Donald Trump didn't win the popular vote but after he won the election and the reality of him becoming president began to set in, his poll ratings actually went up. Nearly 100 days later, Trump's approval rating appears to have settled after a bumpy start.
As can be observed on both the RealClearPolitics polling average and the one collected by the HuffPost Pollster project, toward the end of December of 2015, Trump's unfavorable rating took a bit of a nosedive. He still was "underwater" as pollsters call it when more people view a politician unfavorably than view her or him positively, but undoubtedly, Trump was moving in the right direction.
The weeks of chaos and uncertainty haven't helped Trump's approval ratings since then, however. In both charts, the president has stood at more than 50 percent disapproval since the middle of February.
But what about his policies? That's where a new report that was released today by the non-profit PRRI comes in handy. According to PRRI, most of Trump's policies seem to be opposed by the general public.
In a February PRRI survey, Trump's executive order that temporarily banned people from certain Muslim-majority countries from entering the United States attracted just 35 percent support. His famous border wall with Mexico proposal attracted 41 percent support, while 44 percent supported his idea of blocking Syrian refugees from entering the U.S.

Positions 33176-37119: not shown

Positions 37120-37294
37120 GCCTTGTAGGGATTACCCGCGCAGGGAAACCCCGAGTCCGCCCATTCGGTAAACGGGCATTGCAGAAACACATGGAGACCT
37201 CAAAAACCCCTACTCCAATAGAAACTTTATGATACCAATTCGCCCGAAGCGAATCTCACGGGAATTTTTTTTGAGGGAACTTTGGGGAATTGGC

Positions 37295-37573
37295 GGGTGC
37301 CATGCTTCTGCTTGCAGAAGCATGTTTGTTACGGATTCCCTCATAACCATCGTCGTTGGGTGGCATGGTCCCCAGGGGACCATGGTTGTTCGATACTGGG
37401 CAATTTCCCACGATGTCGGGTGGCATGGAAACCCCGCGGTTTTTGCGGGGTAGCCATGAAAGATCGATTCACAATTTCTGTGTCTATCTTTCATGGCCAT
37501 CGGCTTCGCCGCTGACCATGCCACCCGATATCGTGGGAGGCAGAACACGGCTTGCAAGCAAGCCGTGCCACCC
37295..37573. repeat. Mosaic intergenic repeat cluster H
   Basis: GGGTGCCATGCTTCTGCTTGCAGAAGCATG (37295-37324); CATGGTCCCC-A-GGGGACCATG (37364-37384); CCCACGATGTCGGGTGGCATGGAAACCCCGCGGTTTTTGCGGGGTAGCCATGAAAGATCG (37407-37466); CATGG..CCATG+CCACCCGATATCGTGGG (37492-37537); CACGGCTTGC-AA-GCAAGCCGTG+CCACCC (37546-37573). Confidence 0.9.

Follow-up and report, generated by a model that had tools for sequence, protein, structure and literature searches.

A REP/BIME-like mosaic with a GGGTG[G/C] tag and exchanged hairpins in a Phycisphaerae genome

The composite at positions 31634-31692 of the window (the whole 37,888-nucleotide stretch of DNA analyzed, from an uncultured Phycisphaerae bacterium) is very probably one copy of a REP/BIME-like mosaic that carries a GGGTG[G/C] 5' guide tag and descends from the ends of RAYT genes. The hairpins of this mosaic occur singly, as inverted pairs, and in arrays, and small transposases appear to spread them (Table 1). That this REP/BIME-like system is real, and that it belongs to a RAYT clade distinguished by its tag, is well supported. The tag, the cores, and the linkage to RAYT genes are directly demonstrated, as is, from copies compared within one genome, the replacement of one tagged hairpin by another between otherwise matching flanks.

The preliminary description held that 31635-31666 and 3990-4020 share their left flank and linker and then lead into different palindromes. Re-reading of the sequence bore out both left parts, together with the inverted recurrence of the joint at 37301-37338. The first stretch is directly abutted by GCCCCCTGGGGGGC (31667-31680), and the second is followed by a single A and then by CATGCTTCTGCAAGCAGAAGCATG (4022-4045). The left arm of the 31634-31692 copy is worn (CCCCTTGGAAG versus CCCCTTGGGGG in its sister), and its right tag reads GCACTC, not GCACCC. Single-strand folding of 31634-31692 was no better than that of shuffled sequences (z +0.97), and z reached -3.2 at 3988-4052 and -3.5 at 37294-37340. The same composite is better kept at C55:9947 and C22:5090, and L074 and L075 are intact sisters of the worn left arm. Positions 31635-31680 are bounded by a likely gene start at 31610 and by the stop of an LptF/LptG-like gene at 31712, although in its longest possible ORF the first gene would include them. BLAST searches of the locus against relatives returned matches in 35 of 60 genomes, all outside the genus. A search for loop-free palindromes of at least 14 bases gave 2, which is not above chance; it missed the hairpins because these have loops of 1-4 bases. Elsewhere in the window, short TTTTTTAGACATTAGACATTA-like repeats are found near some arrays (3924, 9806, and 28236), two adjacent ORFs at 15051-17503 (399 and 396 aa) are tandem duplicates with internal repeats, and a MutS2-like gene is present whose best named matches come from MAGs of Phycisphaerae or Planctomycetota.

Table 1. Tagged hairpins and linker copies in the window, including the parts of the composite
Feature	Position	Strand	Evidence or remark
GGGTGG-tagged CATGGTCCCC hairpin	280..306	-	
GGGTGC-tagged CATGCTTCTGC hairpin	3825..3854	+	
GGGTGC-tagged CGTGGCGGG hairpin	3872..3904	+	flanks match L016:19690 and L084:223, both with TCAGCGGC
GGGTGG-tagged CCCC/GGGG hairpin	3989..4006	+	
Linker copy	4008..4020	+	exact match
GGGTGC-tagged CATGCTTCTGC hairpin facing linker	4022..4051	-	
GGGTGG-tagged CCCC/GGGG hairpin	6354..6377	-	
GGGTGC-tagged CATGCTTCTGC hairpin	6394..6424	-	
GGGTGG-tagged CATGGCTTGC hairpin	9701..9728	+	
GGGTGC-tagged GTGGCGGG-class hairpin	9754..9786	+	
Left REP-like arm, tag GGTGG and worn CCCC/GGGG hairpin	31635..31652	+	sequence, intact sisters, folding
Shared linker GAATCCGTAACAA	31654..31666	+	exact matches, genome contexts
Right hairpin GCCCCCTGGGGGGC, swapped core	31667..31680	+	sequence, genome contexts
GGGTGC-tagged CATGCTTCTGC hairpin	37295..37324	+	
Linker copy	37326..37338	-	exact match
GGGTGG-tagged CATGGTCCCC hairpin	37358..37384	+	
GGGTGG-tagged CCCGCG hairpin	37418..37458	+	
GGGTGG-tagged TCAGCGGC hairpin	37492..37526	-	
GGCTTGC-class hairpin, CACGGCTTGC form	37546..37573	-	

Trump's idea of deporting illegal immigrants is even less popular than the above policies. According to PRRI, 64 percent of Americans favor some method of allowing undocumented immigrants to become citizens, 15 percent want them to be eligible for permanent residency but not citizenship. Just 16 percent favor deportation.
Two of Trump's policies in the PRRI research are viewed more favorably than unfavorably, albeit just barely. By a 50-43 margin, Americans say that free trade agreements are more harmful than helpful. Trump's other notable achievement, approving the Keystone XL oil pipeline, was supported by 52 percent.
Trump will have to find some way to turn things around for himself if he wants to win re-election, at least if a just-released poll by Fox News is to be believed. According to that survey, just 36 percent of around 1,000 registered voters said they would "definitely" or "probably" vote for Trump.